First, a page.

Posted by Duff

There is a huge relief that comes with validation. That makes you feel like maybe you weren’t crazy when you had to have your mom come over to help you deal with your second newborn’s unending cries and insomnia. Or that there was good reason to sink to the floor in frustration when you can’t go to the bathroom without it starting a revolution in the bouncy seat.

Thank you, Dr. McLean.

Yep, despite the odds, Atticus has colic. Ya-hoo.

Three formulas, reflux medication, the whole rigamarole of soothing methods. Let’s face it. The kid wants to be held all day, all night, mostly with a bottle in his mouth, please. Oftentimes even that falls short. We have tried every binky on the market, swaddling, womb sounds, shushing, rocking, burping, and what I used to try on The Dervish that sometimes worked – sobbing alongside her. (Expletive).

Yesterday I was opening our first can of hypoallergenic formula and saw on the cover “Fast colic relief.” And I actually laughed. At least someone was willing to admit defeat. No one would ever use the c-word when it came to The Dervish, and it made me want to scream louder than she did. Did they not SEE the elephant in the room? Did they think I couldn’t take it?

If there is any good to be gained from colic, it’s that once you’ve experienced it, you’ll be far more supportive of anyone else who does. You will offer to come over and listen to the baby cry so his/her parents can shower or eor walk around the block with free hands and listen to the ringing in their ears.

Thank you, mom.

I will tell you, I had a premonition when The Dervish was an infant and we asked our former pediatrician’who feared owning up to the c-word) if this could happen to two children in a row. She, who had said time was the only cure, said, “It happened with both of mine.” And I saw the scar tissue on her nerves in that statement. As if someone clapped too loudly in her presence I’d have to scrape her off the ceiling.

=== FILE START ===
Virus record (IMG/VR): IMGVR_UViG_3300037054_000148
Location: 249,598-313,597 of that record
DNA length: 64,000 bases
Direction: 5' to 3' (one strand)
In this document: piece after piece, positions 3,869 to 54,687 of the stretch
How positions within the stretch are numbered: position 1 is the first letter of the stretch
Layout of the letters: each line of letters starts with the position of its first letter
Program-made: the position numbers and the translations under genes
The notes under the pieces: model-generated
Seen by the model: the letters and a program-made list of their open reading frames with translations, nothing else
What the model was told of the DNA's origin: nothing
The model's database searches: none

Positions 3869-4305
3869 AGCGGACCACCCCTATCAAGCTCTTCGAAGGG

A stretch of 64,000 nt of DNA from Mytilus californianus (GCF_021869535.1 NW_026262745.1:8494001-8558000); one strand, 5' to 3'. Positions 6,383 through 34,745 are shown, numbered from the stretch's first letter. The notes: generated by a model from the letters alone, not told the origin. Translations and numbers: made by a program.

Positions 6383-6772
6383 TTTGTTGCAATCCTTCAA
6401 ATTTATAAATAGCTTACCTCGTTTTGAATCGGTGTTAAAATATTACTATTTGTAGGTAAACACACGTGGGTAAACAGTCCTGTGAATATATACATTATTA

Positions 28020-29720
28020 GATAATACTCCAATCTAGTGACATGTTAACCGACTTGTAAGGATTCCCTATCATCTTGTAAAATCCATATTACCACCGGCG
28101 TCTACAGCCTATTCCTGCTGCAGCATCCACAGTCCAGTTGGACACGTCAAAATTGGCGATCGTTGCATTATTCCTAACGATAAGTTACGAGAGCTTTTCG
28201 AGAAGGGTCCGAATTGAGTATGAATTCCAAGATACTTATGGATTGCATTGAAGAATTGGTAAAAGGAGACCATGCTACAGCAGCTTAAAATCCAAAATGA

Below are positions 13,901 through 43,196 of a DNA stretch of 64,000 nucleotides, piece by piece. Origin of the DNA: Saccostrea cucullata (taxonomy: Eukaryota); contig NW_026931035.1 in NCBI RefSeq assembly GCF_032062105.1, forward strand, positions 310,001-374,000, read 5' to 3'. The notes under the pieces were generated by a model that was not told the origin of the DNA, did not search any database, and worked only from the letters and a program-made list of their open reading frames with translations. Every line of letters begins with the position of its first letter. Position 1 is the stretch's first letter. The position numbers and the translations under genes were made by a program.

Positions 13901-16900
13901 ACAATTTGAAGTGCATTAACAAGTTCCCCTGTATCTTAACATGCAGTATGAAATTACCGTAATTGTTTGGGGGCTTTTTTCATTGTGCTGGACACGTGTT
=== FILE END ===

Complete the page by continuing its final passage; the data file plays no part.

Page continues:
The good news is, Atticus seems to want things to be different. Has whole moments of serenity, between 7:10 and 7:15 am. He will get older. He will find something he likes. Even if right now it’s not carriers that get me hands-free or any of the many other recommended cures.

He likes the vaccuum, but The Dervish is afraid of it. The flarking irony off which will be especially funny when this phase of our family’s story has passed.

I know I sound like a whiner. Please keep in mind that I think of the following when I walk away from Atticus to get perspective (usually while peeing or trying to eat against my natural drive to soothe him).

We have two healthy children. Some aren’t able to have any, or they aren’t healthy. Thank you, powers that be.

We have a boy and a girl. Which many consider the ideal – though I was glad I didn’t get to choose.

Babies aren’t babies forever, and we knew going in that we had babies to have children, not infants, and especially not newborns.

The Dervish is already a spectacular big sister.

I’m even grateful to have experienced both vaginal birth and a c-section, because I’m all about gaining life experience.

Except we already experienced colic once, so the only positive thing I can say about it this time is that once I admitted it to myself, and today, when my new pediatrician copped to the diagnosis AND acted like he genuinely felt my disillusion, it felt not so  ‘not so bad’ that I ever want to experience it again, but at least like I’m not lunatic for feeling so unraveled as a second time parent.

So. Next time someone tells you their baby has colic, you could say you’re sorry. Or, that it sucks and it will pass. Or you might ask what you can do. But you will be the best friend ever in the world if you force your way into her home with an agenda of how you plan to offer some relief.

And also, tell her she doesn’t have a muffin top. But feel free to bring some muffins.